Implement the Comparable interface with BeanComparator

If you want to take advantage of sorting methods in Java, you'll need to implement the Comparable interface.

If you want to take advantage of sorting methods in Java, you'll need to implement the Comparable interface.

public interface java.lang.Comparable {
    public int compareTo(Object o);
}

The Comparable interface is simple because it only has one method; however, implementing the compareTo method can become tedious if you need to sort your object by multiple properties (especially if your class has a lot of these properties). If you need to implement Comparable, let BeanUtils do the work for you. BeanComparator is a class in the BeanUtils API that allows you to easily sort your Bean classes by any property you choose.

Below is a complete working example. Be sure to notice the code that creates the BeanComparator and the implementation of the compareTo method. The main method is supplied simply to build a list of objects to sort and display the before-and-after results of sorting.

When you create the BeanComparator object, you must tell it which property of your class will be used to sort. In the supplied example, the name property was chosen.

private BeanComparator comparator = new BeanComparator("name");

The line that does all the work is in the compareTo method.

return this.comparator.compare(this, o);

The compare method of the BeanComparator takes the two arguments to be compared and returns an integer representing less than, equal to, or greater than.

If you were implementing a comparator to compare properties dynamically (e.g., think of sorting rows in a table on a Web page based on which column the customer selects), then you could put off building your comparator until you knew which property had been selected for sorting. This is where BeanComparator really shines. The massive amounts of code you'd normally write to implement this behavior are reduced to a few lines when you use BeanComparator.

import java.util.Collections;
import java.util.Iterator;
import java.util.ArrayList;
import java.util.Random;
import org.apache.commons.beanutils.BeanComparator;

public class CompareTipA implements Comparable {
    private int id;
    private String name;
    private BeanComparator comparator = new BeanComparator("name");

    private static String []names =
            {"John", "Malik", "Susan", "Chaquitha", "Cheryl", "Mike", "Henri",
            "Jason", "Eric", "Jason", "Vivek", "Jakob", "Revathy", "Jim",
 "Sterling",
            "Dana", "Jill", "Amrita", "Heather", "Jack", "David", "Bethany",
 "Karol",
            "Phil", "Margaret", "Betty", "Perry", "Scott", "Dexter"};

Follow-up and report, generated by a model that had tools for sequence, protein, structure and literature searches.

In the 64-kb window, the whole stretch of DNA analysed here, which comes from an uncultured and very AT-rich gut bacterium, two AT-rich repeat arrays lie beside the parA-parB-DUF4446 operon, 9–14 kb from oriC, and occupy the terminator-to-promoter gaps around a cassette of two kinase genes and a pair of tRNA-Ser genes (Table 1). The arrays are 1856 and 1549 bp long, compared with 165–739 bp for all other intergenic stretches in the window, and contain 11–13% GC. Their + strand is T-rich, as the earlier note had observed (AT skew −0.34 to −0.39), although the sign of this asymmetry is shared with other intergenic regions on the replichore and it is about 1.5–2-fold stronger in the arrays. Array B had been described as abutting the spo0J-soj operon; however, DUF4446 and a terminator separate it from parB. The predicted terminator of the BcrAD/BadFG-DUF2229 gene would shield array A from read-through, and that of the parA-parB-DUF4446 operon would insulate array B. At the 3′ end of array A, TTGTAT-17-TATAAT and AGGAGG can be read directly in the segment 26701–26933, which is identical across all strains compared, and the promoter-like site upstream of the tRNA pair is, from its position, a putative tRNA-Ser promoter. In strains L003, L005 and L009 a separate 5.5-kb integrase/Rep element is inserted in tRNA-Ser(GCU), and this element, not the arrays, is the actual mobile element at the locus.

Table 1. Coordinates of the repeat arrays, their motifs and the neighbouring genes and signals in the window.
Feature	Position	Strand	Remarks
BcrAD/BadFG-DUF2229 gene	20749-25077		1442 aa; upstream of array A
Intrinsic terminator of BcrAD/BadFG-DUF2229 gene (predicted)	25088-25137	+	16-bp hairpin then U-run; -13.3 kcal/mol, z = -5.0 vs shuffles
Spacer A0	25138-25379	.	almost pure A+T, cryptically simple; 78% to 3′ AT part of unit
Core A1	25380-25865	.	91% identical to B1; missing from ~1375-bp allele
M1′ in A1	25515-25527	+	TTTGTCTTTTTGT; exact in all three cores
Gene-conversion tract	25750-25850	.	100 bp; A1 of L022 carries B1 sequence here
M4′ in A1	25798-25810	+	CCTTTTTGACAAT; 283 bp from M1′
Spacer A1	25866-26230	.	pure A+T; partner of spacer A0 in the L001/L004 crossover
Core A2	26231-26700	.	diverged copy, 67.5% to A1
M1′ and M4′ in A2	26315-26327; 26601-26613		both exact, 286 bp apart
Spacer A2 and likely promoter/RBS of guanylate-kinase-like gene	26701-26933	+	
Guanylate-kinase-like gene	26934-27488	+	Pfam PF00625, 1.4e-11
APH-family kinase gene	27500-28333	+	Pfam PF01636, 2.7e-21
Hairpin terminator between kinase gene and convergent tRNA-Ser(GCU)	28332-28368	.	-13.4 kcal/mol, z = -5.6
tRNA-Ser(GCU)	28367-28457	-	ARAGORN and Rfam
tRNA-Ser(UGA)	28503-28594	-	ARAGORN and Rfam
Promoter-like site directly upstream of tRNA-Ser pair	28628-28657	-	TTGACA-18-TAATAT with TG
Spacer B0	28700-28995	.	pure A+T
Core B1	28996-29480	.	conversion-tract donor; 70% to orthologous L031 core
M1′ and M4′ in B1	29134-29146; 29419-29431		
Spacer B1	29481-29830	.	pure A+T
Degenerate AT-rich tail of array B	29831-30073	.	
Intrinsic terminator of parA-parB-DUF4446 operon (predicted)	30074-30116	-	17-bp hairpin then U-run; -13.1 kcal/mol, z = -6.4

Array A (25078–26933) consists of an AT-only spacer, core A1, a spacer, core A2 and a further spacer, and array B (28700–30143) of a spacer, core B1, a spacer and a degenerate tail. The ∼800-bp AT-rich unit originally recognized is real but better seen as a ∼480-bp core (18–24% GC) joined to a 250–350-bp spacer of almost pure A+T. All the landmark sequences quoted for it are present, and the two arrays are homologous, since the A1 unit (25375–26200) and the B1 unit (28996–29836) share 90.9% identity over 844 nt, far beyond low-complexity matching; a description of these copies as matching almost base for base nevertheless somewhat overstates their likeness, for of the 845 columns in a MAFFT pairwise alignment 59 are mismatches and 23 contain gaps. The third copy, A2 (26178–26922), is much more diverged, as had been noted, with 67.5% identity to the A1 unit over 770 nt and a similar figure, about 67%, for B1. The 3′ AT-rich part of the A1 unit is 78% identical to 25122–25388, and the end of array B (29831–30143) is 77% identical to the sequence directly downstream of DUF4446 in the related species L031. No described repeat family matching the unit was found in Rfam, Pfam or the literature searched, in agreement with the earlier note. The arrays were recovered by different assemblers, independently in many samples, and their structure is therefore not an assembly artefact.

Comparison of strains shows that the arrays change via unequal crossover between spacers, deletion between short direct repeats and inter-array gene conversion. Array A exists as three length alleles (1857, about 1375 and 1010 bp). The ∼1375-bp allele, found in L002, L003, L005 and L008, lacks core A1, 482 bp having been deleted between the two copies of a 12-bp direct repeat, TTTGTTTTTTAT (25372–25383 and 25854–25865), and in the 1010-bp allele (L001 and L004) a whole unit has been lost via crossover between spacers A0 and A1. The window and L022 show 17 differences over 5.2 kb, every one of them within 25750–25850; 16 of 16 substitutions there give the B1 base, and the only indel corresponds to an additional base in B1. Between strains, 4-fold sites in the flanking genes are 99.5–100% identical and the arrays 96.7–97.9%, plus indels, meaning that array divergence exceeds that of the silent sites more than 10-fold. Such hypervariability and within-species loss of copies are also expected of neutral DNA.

public static void main(String []args) {
        int count = 30;
        Random rand = new Random(System.currentTimeMillis());
        ArrayList list = new ArrayList();

        for (int i = 0; i < count; i++) {
            int id = rand.nextInt(10000);
            String name = names[rand.nextInt((names.length))];

            list.add(new CompareTipA(id, name));
        }

        System.out.println("unsorted:");
        Iterator tor = list.iterator();
        while (tor.hasNext()) {
            CompareTipA ct = (CompareTipA) tor.next();
            System.out.println(ct);
        }

        Collections.sort(list);

        System.out.println("\nsorted:");
        tor = list.iterator();
        while (tor.hasNext()) {
            CompareTipA ct = (CompareTipA) tor.next();
            System.out.println(ct);
        }
    }

    public CompareTipA(int id, String name) {
        this.id = id;
        this.name = name;
    }

    public int getId() {
        return this.id;
    }

    public void setId(int id) {
        this.id = id;
    }

    public String getName() {
        return this.name;
    }

    public void setName(String name) {
        this.name = name;
    }

    public int compareTo(Object o) {
        return this.comparator.compare(this, o);
    }

    public String toString() {
        return "[id=" + this.id + ",name=" + this.name + "]";
    }
}

BeanComparator is part of commons-beanutils, which depends on commons-logging and commons-collections. You can find out more at the Apache Jakarta site. Check out the documentation and see what else you can find hiding in the commons-beanutils API.

David Petersheim is the Director of Application Development with Genscape, Inc. He designs and develops server-side applications to acquire and process real-time energy data.